2019 Men's Lacrosse Championship

Virginia's Ryan Conrad (22) carries the ball against Notre Dame's Tommy McNamara during the ACC Tournament championship game. (Photo by Amber D. Searls, the ACC)

Just five games into the Virginia men’s lacrosse team’s 2018 schedule, midfielder Ryan Conrad was running the same clear he had thousands of times before. Then his season came to an end.

Conrad initially thought someone had checked him and somehow their knees collided, but after going back and watching the film, he saw there was no contact. There wasn’t a player within three or four yards of him. He crossed midfield, cut to his left and his right knee buckled.

After a short examination on the sideline, a trainer told him his ACL was likely torn. But that was difficult to accept, especially for Conrad, who had never before missed significant time because of an injury.

“I had a lot of adrenaline pumping at the time, and I was able to walk off after without much pain, so I thought I could still go,” Conrad said. “It was a tough experience, but, frankly, I think it made me a better captain and a better person just going through it.”

A little more than 10 months after he was cleared to return to full contact, Conrad will lead Virginia into its first Final Four berth since its 2011 national title run. On Saturday in Philadelphia’s Lincoln Financial Field, the third-seeded Cavaliers (15-3) take on No. 2 Duke (13-4). The winner gets No. 1 seed Penn State or defending national champion Yale in Monday’s national championship game.

“We are so excited to be in this situation, and I just feel blessed to be able to take the field with these guys for a few more days,” Conrad said. “We’ve put in the work and this team has grown, and we know we’ve earned the right to be here.”

Making a tough situation even more excruciating, Conrad called last season a stepping-stone year for Virginia. The Cavaliers snapped an 18-game ACC losing streak, made the conference tournament championship game and returned to the NCAA Tournament all with Conrad on the sideline in shorts and a T-shirt.

“He could have pouted and felt bad for himself and no one could have blamed him,” Virginia head coach Lars Tiffany said. “A lot of people say their understanding of the game deepens in a situation like that, and that’s exactly what happened with Ryan. He was active and as engaged as he would have been if he was on the field.”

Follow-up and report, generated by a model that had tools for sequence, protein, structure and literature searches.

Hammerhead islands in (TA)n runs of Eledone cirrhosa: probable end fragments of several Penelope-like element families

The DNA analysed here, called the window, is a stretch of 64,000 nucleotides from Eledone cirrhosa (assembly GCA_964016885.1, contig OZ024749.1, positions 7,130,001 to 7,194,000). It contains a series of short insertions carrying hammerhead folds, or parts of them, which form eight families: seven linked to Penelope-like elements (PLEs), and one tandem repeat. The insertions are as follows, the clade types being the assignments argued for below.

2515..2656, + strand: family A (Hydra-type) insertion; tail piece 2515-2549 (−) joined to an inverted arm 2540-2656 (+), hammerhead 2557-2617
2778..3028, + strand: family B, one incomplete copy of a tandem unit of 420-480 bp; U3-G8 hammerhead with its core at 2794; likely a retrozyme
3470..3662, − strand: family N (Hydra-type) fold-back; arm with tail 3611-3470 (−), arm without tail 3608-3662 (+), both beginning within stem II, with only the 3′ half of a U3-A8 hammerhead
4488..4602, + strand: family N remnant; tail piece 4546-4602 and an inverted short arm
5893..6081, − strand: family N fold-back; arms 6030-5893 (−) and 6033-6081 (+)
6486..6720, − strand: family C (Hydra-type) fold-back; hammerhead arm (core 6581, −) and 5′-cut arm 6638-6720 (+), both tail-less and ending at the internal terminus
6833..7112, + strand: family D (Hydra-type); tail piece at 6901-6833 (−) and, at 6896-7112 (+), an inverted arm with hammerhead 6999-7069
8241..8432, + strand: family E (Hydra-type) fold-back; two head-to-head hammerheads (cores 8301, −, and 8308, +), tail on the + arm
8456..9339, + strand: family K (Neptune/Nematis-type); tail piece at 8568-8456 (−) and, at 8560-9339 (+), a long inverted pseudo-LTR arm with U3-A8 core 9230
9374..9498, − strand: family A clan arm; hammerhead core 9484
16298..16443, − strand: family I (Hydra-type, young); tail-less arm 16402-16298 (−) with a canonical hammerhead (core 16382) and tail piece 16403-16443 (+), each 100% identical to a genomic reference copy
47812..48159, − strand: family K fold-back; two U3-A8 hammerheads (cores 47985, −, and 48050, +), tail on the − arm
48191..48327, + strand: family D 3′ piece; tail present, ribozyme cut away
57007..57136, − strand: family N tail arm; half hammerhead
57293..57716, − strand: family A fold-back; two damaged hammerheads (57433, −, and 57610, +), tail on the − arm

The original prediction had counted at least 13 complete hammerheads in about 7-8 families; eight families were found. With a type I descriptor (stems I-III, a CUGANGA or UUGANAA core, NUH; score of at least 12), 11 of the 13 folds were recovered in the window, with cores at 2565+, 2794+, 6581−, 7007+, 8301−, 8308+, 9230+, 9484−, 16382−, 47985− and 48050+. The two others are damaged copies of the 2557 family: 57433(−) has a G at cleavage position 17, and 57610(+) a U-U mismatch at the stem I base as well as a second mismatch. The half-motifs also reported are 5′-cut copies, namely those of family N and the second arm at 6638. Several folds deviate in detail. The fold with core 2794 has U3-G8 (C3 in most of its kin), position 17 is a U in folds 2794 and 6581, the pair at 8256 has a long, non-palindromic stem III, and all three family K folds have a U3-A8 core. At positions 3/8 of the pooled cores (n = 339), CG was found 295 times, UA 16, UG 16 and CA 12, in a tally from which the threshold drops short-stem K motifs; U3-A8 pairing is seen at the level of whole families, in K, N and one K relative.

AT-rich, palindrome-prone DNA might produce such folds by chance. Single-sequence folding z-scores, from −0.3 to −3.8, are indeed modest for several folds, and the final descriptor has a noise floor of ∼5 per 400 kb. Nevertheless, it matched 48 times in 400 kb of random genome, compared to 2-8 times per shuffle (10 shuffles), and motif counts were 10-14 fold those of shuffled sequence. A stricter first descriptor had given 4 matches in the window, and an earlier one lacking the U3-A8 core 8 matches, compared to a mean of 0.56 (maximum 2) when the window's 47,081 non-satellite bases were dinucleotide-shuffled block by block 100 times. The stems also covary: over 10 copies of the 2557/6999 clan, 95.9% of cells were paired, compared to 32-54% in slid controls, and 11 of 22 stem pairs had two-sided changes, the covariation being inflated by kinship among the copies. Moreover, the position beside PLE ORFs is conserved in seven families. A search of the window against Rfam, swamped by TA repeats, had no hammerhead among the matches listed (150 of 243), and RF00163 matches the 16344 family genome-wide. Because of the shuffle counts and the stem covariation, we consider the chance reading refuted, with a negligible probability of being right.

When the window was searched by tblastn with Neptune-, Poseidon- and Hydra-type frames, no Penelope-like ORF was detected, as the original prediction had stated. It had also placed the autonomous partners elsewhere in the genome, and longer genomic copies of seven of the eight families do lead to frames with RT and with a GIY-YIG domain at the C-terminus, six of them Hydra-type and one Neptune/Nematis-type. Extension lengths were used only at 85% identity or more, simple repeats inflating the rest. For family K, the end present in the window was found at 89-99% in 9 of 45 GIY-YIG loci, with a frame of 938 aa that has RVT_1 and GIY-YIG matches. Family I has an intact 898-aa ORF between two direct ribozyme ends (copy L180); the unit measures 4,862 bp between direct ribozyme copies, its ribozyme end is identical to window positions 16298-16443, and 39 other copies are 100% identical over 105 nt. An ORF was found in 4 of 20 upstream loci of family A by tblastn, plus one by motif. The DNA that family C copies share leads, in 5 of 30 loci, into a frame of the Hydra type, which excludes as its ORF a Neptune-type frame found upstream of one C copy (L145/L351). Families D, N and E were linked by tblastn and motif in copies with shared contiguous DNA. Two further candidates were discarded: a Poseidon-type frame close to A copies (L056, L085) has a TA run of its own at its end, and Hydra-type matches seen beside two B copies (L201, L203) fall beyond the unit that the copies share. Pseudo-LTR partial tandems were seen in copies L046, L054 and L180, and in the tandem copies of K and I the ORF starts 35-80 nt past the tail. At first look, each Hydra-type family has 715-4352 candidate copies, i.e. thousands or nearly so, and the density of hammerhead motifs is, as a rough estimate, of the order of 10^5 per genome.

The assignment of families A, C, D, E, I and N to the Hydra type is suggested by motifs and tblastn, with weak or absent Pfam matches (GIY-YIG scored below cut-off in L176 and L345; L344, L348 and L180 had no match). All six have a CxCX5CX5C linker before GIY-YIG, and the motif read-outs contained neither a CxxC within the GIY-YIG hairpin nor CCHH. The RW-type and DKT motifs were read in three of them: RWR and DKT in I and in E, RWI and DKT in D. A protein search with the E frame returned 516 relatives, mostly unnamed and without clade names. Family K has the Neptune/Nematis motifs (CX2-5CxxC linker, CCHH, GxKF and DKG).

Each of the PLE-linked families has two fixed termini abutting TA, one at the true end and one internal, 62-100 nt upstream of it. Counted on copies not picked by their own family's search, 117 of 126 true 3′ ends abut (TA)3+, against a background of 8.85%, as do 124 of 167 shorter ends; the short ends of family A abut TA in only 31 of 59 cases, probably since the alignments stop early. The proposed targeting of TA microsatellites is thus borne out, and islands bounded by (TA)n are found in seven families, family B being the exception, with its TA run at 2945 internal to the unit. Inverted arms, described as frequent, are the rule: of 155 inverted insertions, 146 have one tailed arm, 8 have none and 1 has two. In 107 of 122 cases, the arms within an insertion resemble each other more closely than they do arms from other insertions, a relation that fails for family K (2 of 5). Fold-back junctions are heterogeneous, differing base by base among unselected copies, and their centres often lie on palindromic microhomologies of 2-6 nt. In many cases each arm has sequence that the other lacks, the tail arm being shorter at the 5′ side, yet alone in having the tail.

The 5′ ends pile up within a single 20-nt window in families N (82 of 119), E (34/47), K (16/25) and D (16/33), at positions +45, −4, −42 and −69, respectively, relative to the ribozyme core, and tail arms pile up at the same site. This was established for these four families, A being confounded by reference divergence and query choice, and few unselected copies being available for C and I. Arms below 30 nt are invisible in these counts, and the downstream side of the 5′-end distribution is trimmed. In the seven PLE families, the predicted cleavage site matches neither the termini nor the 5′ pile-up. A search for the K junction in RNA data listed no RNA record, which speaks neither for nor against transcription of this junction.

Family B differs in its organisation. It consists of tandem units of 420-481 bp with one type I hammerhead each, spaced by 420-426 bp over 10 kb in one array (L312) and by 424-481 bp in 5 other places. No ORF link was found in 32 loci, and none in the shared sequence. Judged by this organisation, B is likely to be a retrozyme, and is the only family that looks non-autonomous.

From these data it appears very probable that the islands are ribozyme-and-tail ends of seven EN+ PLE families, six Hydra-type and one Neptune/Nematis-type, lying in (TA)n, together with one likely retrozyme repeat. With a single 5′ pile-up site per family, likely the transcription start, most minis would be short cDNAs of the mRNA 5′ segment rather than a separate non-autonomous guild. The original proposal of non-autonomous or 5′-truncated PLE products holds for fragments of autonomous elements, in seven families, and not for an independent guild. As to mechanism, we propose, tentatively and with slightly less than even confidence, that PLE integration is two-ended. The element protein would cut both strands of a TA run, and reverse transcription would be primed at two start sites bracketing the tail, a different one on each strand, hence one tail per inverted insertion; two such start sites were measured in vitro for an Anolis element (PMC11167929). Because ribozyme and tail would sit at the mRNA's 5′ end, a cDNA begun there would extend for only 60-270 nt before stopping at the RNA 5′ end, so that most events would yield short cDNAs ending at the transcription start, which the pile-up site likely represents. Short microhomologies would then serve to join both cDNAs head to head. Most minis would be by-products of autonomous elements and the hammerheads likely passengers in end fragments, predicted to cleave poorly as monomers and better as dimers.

Conrad said it came down to a simple decision: Focus on himself or find a way to help the team.

“I accepted the reality I wasn’t going to play and had to embrace a new role,” the two-time team captain said. “I knew I could still be a vocal leader, keep the guys up and be that consoling voice when they come off after a tough play.”

The 6-foot, 190-pound senior from Timonium, Maryland, is back to his old self this season. In 18 starts, he has 28 goals and 18 assists, and his 83 ground balls are second on the team only to faceoff specialist Petey LaSalla, who has 89. He brought more than numbers back to Klockner Stadium, though.

In February, when freshman midfielder Jack Simmons was heading to the sideline, head down after a crucial turnover in an overtime win against Princeton, Conrad ran from the far side of the field to offer a few uplifting words before Simmons’ cleats hit the white boundary line.

“Ryan is one of the greatest leaders and just best all-around people I know,” Virginia junior Dox Aitken said. “He really cares about everyone in the locker room, and it shows in how he plays.”

Of course, it hasn’t hurt to have the ball in his stick, especially the past two games. In NCAA Tournament games against Robert Morris and Maryland, Conrad scored a combined nine goals. And with the Cavaliers trailing the Terrapins by five goals in the fourth quarter of last weekend’s quarterfinal, he notched three goals in a little less than seven minutes to spark a decisive 6-0 run.

“He knows the game of lacrosse as well as anyone I know,” Virginia’s Michael Kraus said. “He understands angles and how to read goalies, and he knows when to shoot and when to pass. I’ve learned a lot from him on and off the field.”

Conrad heads into the final few days of his collegiate career with 58 goals and 35 assists. But to Tiffany, his 180 career ground balls are more impressive.

“That just shows what he’s willing to do for his teammates,” Tiffany said. “Those aren’t flashy stats like goals, but boy are they important. I am blessed to have had the opportunity to coach a young man like Ryan Conrad, who is willing to lay it all on the line every single day for his team.”

In March, Conrad was the No. 5 overall pick in the Major League Lacrosse Draft by the Charlotte Hounds. In April, he was the No. 2 overall pick in the inaugural draft of the new Premier Lacrosse League, taken by the Atlas Lacrosse Club.

He hasn’t publicly announced where his professional career will begin, but Conrad said he’ll worry about that after Championship Weekend.

“This is a huge moment for our team, for our program,” Conrad said. “We know the history and the past success and we’ve fought tooth and nail to bring it back. Now, we have to finish the job.” ​

Ron Counts covers University of Virginia athletics for The Daily Progress.​ Contact him at rcounts@dailyprogress.com, (434) 978-7245, or on Twitter @Ron_CDPsports.

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